I say that so numerous a meeting of the college has never decided on any subject, not even concerning the rights or life of a vestal virgin, ever since the establishment of sacred ceremonies, though their antiquity is the same as that of the city itself; although when an investigation into any crime is taking place it is of consequence that as many as possible should be present. For the interpretation of a law given by the priests is on such a footing that it has the same force as a decision of the judges. An explanation of what is required by religion can be properly given by one single experienced priest; but in a case of a trial for life, such a proceeding would be harsh and unjust. Nevertheless, you will find this to be the case, that a greater number of pontiffs were assembled when they decided on the question concerning my house, than had ever met on any question concerning the ceremonies of the vestal virgins. The next day the senate in a very full house, when you, O Lentulus, being the consul elect, made the motion, and Publius Lentulus and Quintus Metellus, the consuls, put it to the senate, when all the pontiffs who belonged to this order were present and when those who had precedence, from the distinctions which had been conferred on them by the Roman people, had made many speeches concerning the decision of the college, and when all of them had assisted in drawing up the decree,—the senate, I say, voted that my house appeared, according to the decision of the pontiffs, to be free from all religious liability.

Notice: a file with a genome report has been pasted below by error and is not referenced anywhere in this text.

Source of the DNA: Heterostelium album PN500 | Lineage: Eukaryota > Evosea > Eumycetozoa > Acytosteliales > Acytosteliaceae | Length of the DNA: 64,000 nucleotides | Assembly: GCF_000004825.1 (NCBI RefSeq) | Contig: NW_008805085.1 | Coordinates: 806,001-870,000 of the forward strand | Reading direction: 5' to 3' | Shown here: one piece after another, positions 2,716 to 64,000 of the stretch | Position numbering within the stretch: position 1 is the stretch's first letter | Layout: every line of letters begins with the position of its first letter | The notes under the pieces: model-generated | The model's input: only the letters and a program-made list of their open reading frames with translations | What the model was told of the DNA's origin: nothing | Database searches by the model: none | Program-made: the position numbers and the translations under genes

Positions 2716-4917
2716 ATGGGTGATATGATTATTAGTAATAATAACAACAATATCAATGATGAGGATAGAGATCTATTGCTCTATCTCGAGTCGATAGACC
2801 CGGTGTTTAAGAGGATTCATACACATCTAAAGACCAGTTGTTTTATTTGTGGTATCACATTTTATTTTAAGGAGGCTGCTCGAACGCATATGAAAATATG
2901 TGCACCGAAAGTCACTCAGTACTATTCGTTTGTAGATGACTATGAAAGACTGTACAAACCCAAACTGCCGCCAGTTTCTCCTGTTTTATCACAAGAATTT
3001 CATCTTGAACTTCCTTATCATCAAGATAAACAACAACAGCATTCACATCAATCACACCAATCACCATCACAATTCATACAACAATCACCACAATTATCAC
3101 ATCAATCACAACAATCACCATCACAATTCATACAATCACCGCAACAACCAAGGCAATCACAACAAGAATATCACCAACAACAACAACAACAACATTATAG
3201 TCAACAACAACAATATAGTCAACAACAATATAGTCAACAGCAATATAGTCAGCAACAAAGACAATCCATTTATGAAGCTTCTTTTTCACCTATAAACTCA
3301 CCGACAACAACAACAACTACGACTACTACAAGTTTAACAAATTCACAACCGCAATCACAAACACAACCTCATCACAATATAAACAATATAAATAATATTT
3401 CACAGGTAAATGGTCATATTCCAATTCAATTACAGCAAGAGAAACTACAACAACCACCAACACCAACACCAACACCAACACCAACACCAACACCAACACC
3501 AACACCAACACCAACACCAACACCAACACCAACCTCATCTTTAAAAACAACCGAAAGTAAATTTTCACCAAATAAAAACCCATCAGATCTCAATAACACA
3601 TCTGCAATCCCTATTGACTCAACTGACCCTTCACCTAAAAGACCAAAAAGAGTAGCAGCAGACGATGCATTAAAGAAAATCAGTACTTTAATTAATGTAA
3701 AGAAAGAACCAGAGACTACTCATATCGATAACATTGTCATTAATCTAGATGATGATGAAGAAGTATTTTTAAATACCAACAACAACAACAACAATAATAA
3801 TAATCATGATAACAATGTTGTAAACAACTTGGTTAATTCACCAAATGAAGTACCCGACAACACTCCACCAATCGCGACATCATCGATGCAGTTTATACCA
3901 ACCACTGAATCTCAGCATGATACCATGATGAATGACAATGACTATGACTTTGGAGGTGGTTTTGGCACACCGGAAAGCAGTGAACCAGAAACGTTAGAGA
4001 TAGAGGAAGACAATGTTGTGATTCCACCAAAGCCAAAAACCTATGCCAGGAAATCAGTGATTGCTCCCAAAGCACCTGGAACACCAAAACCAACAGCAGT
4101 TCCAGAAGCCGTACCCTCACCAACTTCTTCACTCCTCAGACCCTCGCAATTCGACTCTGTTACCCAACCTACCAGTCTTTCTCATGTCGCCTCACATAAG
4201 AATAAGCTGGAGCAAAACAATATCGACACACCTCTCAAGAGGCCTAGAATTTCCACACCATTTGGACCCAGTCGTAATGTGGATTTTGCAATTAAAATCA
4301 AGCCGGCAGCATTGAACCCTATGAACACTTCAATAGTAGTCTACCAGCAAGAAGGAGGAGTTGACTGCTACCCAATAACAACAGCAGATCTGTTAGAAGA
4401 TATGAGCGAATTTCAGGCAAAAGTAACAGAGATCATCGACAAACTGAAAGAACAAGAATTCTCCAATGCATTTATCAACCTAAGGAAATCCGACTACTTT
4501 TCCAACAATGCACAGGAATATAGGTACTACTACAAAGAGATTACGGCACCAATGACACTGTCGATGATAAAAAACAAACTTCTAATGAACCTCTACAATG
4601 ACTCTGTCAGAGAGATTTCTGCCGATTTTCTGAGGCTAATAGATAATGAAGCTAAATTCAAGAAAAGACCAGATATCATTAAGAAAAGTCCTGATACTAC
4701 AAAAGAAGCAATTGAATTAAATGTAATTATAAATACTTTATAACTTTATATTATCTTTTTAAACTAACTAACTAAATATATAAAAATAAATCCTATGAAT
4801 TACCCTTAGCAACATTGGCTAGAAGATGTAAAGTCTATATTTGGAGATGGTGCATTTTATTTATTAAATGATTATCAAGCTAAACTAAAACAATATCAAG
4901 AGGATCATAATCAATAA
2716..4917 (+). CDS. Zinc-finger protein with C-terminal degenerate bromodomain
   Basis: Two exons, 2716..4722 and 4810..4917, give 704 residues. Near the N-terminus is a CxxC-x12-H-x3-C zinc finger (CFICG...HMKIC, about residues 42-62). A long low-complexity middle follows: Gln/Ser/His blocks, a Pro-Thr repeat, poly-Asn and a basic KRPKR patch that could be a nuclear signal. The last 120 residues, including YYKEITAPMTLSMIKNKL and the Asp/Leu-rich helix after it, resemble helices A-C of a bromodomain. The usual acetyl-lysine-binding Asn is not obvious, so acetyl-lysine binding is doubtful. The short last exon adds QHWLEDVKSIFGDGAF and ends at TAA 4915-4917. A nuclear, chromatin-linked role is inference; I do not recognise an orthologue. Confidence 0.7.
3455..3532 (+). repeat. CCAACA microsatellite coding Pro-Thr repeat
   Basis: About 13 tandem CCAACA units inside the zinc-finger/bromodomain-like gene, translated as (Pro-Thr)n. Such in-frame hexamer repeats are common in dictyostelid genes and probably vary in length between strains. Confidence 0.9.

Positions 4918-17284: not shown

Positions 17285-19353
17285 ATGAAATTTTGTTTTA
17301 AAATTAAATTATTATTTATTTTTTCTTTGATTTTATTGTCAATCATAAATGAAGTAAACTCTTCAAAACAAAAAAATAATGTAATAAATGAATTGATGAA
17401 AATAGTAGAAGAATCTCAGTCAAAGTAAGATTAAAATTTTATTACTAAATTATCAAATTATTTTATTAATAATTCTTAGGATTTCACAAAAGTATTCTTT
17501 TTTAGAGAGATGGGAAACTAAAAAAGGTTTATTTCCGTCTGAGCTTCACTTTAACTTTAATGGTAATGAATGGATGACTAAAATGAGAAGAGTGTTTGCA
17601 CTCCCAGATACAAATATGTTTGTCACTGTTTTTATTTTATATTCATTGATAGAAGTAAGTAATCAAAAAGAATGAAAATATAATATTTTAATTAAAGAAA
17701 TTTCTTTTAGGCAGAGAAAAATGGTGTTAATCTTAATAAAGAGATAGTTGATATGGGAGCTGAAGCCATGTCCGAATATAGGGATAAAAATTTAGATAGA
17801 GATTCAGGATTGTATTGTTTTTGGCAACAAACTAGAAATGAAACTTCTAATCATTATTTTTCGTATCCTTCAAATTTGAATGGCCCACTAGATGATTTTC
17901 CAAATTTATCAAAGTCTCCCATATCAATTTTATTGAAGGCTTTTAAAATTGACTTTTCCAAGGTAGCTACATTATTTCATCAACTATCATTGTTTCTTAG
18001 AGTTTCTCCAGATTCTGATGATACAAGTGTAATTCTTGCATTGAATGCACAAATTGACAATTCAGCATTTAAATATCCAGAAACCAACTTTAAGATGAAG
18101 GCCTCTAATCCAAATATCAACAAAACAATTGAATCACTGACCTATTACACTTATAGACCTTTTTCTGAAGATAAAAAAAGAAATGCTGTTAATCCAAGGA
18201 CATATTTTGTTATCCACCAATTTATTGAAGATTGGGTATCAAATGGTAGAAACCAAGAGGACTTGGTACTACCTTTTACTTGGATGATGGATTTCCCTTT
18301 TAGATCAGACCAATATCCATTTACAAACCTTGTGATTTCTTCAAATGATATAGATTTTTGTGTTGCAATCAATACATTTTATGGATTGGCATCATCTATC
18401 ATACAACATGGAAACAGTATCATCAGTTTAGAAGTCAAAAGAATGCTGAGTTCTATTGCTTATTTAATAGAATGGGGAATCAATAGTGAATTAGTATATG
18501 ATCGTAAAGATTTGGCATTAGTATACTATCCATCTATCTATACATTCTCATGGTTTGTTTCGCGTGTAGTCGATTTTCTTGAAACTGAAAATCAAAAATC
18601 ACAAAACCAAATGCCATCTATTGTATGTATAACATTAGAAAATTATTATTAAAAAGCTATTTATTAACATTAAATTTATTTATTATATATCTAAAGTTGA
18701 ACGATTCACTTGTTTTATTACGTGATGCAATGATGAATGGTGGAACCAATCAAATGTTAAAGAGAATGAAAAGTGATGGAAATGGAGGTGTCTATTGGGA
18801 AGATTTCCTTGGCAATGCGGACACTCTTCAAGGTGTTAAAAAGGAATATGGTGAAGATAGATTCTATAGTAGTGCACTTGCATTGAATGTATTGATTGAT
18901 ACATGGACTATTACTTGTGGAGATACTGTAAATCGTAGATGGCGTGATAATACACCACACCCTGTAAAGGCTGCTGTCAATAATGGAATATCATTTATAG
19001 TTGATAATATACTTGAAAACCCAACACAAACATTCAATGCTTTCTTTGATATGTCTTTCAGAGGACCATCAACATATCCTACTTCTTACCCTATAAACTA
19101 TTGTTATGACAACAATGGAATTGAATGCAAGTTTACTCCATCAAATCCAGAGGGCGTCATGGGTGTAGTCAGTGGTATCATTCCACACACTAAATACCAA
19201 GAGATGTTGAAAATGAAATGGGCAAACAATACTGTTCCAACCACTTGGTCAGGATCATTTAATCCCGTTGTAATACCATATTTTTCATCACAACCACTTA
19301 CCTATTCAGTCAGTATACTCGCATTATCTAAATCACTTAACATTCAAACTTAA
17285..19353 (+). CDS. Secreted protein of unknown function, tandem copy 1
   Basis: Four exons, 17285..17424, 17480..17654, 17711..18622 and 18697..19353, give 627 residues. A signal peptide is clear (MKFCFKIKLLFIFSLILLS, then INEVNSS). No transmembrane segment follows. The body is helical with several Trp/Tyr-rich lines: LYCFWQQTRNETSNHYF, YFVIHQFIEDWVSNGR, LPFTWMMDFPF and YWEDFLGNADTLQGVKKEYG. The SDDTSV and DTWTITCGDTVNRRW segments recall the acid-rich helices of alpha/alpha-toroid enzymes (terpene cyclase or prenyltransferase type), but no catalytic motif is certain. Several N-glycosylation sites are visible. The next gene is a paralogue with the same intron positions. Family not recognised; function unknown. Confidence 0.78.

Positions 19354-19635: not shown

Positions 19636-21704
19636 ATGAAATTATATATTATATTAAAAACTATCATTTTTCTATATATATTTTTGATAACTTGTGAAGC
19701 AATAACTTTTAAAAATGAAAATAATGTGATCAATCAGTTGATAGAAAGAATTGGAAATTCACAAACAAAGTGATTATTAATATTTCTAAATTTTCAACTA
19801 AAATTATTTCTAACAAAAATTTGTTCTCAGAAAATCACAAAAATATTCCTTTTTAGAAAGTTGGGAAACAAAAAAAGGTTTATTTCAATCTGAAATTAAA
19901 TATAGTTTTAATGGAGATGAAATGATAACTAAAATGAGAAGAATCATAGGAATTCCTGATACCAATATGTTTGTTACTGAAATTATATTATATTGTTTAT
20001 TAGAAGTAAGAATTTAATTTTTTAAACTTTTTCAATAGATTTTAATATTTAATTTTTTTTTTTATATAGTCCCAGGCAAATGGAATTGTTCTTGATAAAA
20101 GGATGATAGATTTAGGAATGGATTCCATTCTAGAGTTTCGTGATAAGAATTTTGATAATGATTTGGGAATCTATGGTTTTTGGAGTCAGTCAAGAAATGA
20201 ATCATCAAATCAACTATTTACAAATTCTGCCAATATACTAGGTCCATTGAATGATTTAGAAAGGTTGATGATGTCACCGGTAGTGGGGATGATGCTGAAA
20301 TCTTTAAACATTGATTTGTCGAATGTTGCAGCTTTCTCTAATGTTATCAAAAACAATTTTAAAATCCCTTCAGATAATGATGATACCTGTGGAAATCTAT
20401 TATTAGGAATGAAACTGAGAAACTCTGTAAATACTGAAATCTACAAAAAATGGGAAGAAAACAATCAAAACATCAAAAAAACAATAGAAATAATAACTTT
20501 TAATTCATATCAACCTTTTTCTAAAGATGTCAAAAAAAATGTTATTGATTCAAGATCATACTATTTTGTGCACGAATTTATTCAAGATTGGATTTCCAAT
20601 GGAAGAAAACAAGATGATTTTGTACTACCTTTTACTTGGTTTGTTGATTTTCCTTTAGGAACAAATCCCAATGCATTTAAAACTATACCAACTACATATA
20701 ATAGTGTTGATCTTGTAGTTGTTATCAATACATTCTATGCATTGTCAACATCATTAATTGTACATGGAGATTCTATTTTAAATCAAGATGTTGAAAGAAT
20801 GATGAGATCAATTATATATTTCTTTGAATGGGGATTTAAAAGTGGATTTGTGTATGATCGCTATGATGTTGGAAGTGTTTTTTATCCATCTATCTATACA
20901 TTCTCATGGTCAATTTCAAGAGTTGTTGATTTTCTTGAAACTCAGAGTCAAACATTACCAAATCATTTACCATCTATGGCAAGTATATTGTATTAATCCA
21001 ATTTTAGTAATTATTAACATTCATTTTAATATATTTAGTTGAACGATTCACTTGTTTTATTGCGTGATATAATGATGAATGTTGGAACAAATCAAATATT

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THE SPEECH OF M. T. CICERO RESPECTING THE ANSWERS OF THE SOOTHSAYERS. ADDRESSED TO THE SENATE.
THE SPEECH OF M. T. CICERO AGAINST PUBLIUS VATINIUS; CALLED ALSO, THE EXAMINATION OF PUBLIUS VATINIUS.
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